More to coal trains than just noiseAccording to Mr. Welsh, the Environmental Protection Agency (EPA) has determined that increased train traffic causes “significant impacts to public health.”
Several weeks ago, Eric Livingston suggested that Edmonds should enact a “Quiet Zone” to prohibit trains from sounding their horns when approaching a railroad crossing.
The idea to implement a “Quiet Zone” is worthy of study, however it does not acknowledge the grave consequences wrought by the coal trains.
Last month, “Seattle Times” environmental reporter Craig Welsh wrote a comprehensive article detailing the passage of coal from the mines to various terminals in Washington via train and to the final customers in Asia.
According to Mr. Welsh, the Environmental Protection Agency (EPA) has determined that increased train traffic causes “significant impacts to public health.”
That determination requires the preparation of an Environmental Impact Statement (EIS).
The Army Corps of Engineers is the lead agency tasked to write the EIS.
The Times’ article states that the Corps is now deciding whether to evaluate each construction project on its own or to analyze the coal exporting system as a whole.
And that’s when I nearly spilled my coffee. I realized that the Corps was about to embark on the scoping review phase of the EIS process.
Being somewhat familiar with the State Environmental Protection Act (SEPA), I reviewed the sections that relate to the scoping review phase.
WAC 197-11-444 details the topics and sub-topics (“elements of the environment”) that must be addressed in the EIS. These include the natural environment (i.e. air quality, climate, non-renewable resources, potential releases to the environment affecting public health) and the built environment (i.e. . movement of people or goods, traffic hazards, emergency services, land use, shorelines, noise – the subject of Mr. Livingston’s essay).
WAC 197-11-060 closes a potential loophole by preventing the EIS’ author from preparing a series of separate documents each evaluating a distinct “element of the environment.”
What it also precludes is the ability of breaking down a large plan into smaller independent projects in order to minimize the overall effect of the project as a whole.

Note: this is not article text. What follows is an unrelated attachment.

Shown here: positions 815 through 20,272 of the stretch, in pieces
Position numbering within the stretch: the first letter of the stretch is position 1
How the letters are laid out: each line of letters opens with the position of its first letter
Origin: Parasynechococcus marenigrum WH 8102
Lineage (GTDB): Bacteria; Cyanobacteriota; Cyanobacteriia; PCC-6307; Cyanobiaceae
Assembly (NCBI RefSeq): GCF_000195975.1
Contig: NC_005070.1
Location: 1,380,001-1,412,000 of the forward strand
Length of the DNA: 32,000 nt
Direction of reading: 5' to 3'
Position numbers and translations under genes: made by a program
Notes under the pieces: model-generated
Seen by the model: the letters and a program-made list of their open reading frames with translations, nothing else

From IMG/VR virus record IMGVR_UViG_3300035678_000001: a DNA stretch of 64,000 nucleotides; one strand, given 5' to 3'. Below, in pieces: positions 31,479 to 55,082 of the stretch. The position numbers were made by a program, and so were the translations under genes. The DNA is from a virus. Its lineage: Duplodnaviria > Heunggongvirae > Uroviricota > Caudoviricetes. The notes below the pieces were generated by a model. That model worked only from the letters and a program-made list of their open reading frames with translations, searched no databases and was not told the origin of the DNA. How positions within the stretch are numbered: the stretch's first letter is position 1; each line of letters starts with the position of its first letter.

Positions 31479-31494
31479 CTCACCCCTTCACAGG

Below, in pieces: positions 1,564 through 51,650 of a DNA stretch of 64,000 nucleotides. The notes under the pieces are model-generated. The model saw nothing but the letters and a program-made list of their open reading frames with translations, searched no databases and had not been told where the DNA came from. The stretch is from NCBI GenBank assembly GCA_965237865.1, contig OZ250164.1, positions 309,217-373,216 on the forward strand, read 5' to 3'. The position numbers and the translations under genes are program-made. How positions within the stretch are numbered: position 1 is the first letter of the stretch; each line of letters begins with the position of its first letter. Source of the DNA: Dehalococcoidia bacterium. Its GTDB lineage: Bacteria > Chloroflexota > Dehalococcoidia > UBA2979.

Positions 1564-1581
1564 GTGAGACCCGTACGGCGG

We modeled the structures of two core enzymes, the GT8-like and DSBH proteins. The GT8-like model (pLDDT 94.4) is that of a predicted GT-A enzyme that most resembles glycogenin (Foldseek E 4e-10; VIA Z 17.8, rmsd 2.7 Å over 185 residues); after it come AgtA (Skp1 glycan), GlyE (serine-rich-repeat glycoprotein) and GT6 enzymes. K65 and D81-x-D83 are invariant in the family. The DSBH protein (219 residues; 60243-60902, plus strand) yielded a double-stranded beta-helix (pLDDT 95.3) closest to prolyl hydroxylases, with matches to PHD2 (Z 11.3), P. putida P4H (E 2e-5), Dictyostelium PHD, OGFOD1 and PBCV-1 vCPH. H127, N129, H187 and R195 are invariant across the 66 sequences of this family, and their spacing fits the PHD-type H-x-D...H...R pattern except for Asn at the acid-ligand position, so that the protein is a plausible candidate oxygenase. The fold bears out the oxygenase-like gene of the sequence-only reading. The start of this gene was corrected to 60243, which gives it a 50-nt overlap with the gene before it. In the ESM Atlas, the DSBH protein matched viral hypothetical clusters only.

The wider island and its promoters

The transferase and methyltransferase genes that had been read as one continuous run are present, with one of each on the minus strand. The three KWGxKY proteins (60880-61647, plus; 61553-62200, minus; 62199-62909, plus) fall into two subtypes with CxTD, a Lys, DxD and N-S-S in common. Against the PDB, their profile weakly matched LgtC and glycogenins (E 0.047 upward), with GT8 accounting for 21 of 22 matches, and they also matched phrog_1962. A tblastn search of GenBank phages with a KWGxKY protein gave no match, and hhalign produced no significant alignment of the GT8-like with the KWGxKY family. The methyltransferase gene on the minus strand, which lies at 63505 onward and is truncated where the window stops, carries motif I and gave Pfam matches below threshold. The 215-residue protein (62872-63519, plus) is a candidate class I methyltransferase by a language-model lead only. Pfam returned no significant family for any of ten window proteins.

WAC 197-11-060 cautions EIS authors that it is not legal to publish a series of EIS documents if the motivation stems from a desire to “divide a larger system into exempted fragments or avoid discussion of cumulative impacts.”
And that is why the scoping review phase is critical.
Does the Corps of Engineers evaluate the entire coal conveyance system as a whole? Or, does the Corps of Engineers break it down and write site and / or element specific EIS documents?
The communities along the rail lines and Bellingham – future site of the Cherry Point terminal will all experience the fallout.
And there are other cities, including as Hoquiam and Longview, targeted as potential sites for terminals. We are facing this together, not as separate communities.
And it spreads even further. Council President Strom Peterson and Edmonds citizens writing letters to the editor have noted that we are enabling Asian countries by exporting coal.
Our country is reducing coal consumption in an effort to decrease carbon dioxide emissions. Yet we plan on sending our coal across the Pacific Ocean to be burned in Asia.
Do pollution and green house gasses have boundaries? The answer is self-evident, but we have to rely on those who interpret our state’s Environmental Protection Act.
The legislation was enacted in 1971 well before the expansion of world trade and the scientific community’s affirmation of global warming.
Hopefully, those in power believe that interpretation should take into consideration current cultural and scientific conditions.
The planet’s future hangs in the balance.